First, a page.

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Would you let student learn a pop song with swearing in?


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#16 zwhe

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Posted 15 January 2019 - 12:02

Anyone offended by swear words perhaps ought not to read the works of Chaucer. 

I wouldn't let a 12 year old read it!


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#17 funkiepiano

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Posted 17 January 2019 - 12:47

Thanks for replies. Student agreed with me why the song wouldn't be suitable, and is now happily learning No Tears Left to Cry which is much more suited to piano anyway!
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#18 fsharpminor

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Posted 17 January 2019 - 14:43

 

Anyone offended by swear words perhaps ought not to read the works of Chaucer. 

I wouldn't let a 12 year old read it!

 

Yeah, some very naughty bits in Canterbury Tales, yet they prosecuted Lady Chatterley. 


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#19 mel2

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Posted 17 January 2019 - 18:24

Anyone offended by swear words perhaps ought not to read the works of Chaucer.

I wouldn't let a 12 year old read it!
Yeah, some very naughty bits in Canterbury Tales, yet they prosecuted Lady Chatterley.

Rough old times in the middle ages, but I don't think Chaucer intended his tales for 12 year olds, although I guess many of them were working the fields and having babies.
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#20 JoannaB

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Posted 18 January 2019 - 13:16

Anyone offended by swear words perhaps ought not to read the works of Chaucer.

I wouldn't let a 12 year old read it!
Yeah, some very naughty bits in Canterbury Tales, yet they prosecuted Lady Chatterley.

Rough old times in the middle ages, but I don't think Chaucer intended his tales for 12 year olds, although I guess many of them were working the fields and having babies.

We studied Chaucer at school in year 8 so I would have been 12/13. All the naughty bits must have completely passed me by.
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#21 hammer action

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Posted 18 January 2019 - 15:14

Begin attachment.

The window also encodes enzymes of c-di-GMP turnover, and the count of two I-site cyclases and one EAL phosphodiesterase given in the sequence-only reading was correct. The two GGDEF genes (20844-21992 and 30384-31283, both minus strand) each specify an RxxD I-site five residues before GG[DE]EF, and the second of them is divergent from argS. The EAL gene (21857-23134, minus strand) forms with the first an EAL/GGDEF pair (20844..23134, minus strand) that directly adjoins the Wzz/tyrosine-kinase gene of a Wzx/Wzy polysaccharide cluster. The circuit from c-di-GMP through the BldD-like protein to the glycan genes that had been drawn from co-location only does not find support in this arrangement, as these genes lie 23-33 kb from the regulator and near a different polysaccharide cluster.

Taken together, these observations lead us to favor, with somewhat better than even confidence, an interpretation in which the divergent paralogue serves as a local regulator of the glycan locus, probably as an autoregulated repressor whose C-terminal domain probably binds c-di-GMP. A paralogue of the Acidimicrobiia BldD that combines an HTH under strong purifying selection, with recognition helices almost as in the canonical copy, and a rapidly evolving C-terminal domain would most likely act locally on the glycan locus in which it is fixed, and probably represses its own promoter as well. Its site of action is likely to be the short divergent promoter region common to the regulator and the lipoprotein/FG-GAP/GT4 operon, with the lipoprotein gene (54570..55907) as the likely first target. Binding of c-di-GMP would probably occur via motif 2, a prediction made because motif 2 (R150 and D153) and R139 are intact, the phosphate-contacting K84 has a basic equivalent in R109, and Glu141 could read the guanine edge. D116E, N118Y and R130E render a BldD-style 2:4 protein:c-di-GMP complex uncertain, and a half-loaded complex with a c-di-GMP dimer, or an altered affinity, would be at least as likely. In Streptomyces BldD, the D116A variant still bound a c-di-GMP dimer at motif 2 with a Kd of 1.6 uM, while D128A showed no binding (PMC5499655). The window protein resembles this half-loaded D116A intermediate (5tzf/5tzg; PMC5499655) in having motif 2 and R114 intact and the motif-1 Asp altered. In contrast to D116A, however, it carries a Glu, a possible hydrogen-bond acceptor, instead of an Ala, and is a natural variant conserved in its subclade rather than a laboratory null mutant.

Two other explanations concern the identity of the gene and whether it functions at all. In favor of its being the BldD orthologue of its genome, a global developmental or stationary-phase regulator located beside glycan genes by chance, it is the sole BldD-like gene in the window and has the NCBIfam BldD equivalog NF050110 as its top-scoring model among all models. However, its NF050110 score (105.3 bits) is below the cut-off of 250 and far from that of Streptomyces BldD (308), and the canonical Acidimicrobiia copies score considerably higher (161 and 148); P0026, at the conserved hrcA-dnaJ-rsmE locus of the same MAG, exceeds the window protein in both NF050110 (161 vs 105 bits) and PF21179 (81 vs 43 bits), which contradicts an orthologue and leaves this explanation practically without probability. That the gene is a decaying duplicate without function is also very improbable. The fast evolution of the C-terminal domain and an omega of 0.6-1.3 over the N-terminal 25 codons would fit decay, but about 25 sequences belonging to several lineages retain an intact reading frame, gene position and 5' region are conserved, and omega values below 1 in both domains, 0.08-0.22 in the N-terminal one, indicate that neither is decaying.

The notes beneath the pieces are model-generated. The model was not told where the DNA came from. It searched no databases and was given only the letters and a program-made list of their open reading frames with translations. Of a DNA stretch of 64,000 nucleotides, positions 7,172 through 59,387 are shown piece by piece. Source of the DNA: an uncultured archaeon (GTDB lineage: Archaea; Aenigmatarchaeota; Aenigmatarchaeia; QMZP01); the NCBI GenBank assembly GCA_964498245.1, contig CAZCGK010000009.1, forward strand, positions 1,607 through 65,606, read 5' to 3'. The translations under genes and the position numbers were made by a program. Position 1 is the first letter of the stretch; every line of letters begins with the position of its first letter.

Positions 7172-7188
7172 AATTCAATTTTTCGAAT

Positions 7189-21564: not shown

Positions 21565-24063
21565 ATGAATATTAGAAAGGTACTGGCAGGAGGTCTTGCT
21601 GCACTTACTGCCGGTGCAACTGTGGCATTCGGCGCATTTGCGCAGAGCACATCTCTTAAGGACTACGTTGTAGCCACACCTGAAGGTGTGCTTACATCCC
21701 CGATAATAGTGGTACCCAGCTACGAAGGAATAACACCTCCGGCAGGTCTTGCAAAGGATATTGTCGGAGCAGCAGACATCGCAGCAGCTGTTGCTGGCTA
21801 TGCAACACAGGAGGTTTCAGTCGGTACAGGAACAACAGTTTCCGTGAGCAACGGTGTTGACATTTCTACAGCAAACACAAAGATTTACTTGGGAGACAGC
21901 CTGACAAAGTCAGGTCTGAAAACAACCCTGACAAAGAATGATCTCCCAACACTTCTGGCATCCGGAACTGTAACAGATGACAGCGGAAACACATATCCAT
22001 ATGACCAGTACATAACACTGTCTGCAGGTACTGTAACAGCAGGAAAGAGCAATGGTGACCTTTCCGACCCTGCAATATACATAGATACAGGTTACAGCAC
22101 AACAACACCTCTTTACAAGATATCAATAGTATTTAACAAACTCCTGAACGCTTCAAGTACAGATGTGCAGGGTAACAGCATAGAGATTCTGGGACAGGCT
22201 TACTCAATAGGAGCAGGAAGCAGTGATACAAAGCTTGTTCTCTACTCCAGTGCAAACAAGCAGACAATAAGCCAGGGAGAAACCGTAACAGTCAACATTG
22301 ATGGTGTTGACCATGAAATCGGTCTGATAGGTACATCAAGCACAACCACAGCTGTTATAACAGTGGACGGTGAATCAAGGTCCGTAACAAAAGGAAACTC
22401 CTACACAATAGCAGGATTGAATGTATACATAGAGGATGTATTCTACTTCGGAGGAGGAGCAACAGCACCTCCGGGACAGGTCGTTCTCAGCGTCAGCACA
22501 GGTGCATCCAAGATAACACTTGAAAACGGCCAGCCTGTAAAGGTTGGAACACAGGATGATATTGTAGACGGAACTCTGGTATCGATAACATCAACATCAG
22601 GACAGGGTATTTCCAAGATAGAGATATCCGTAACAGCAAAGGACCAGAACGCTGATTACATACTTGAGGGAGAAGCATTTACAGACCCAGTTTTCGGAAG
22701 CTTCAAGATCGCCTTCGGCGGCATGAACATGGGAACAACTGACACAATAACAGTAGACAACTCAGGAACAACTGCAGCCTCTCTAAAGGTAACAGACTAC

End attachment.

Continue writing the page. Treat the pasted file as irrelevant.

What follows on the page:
Years ago I taught a ten year old beginner boy who needed lots of encouragement and would get fed up with pieces very easily.  In an attempt to chivy up his enthusiasm a bit, I suggested towards the end of lessons we could spend a little while looking at a tune he knew.  He seemed keen on this so I asked him to give me some ideas of what he listened to.

 

The following week mum and gran brought him to the lesson as usual (I should mention that the family were incredibly 'well-to-do', both parents professionals and gran had been a classical pianist back in the day).  They told me about a style of music the boy enjoyed listening to and he gave me some song names which I wrote down.

 

I had a listen to some of the songs online he'd given me and they were kind of American hip hop, but contained almost non-stop swearing and disgusting derogatory lyrics.  I was pretty surprised that he was listening to things like that.  At his age I doubt if he would have understood what the songs were about, or perhaps he did.

 

I spoke to mum and gran the following week and said we wouldn't be learning any of the songs from his list.  The gran in particular clearly wasn't happy and was quick to question me, mum looked confused and the boy was very disappointed.  I explained about the issue with the lyrics (without going into detail) and asked his mum to look them up online.

 

The songs were never mentioned again.


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#22 LoneM

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Posted 19 January 2019 - 12:16

We studied Chaucer at school in year 8 so I would have been 12/13. All the naughty bits must have completely passed me by.

 

 

So did we - but thery were very carefuly chosen selections, with nothing naughty in them at all. sad.png  laugh.png


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#23 elemimele

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Posted 19 January 2019 - 12:32

This is a perfect illustration of the prudery mess that our current generation is still in. There is a difference between inciting nastiness, revelling in violence, degrading others, and merely telling a cheeky story using rude words. Chaucer is bawdy, unafraid of outrageous humour, but he is not derogatory or disgusting. He understood humanity, our frailties and pretences, but his works don't undermine morality. We laugh at the silly censorship that the bbc inflicted on comedy shows 40 years ago, and how the writers perpetually circumvented this unnecessary, silly stuffiness - and yet our own generation can't differentiate between rude words and bad thoughts. Chaucer is safe at any age. Many song lyrics are just globally offensive and have no redeeming features.


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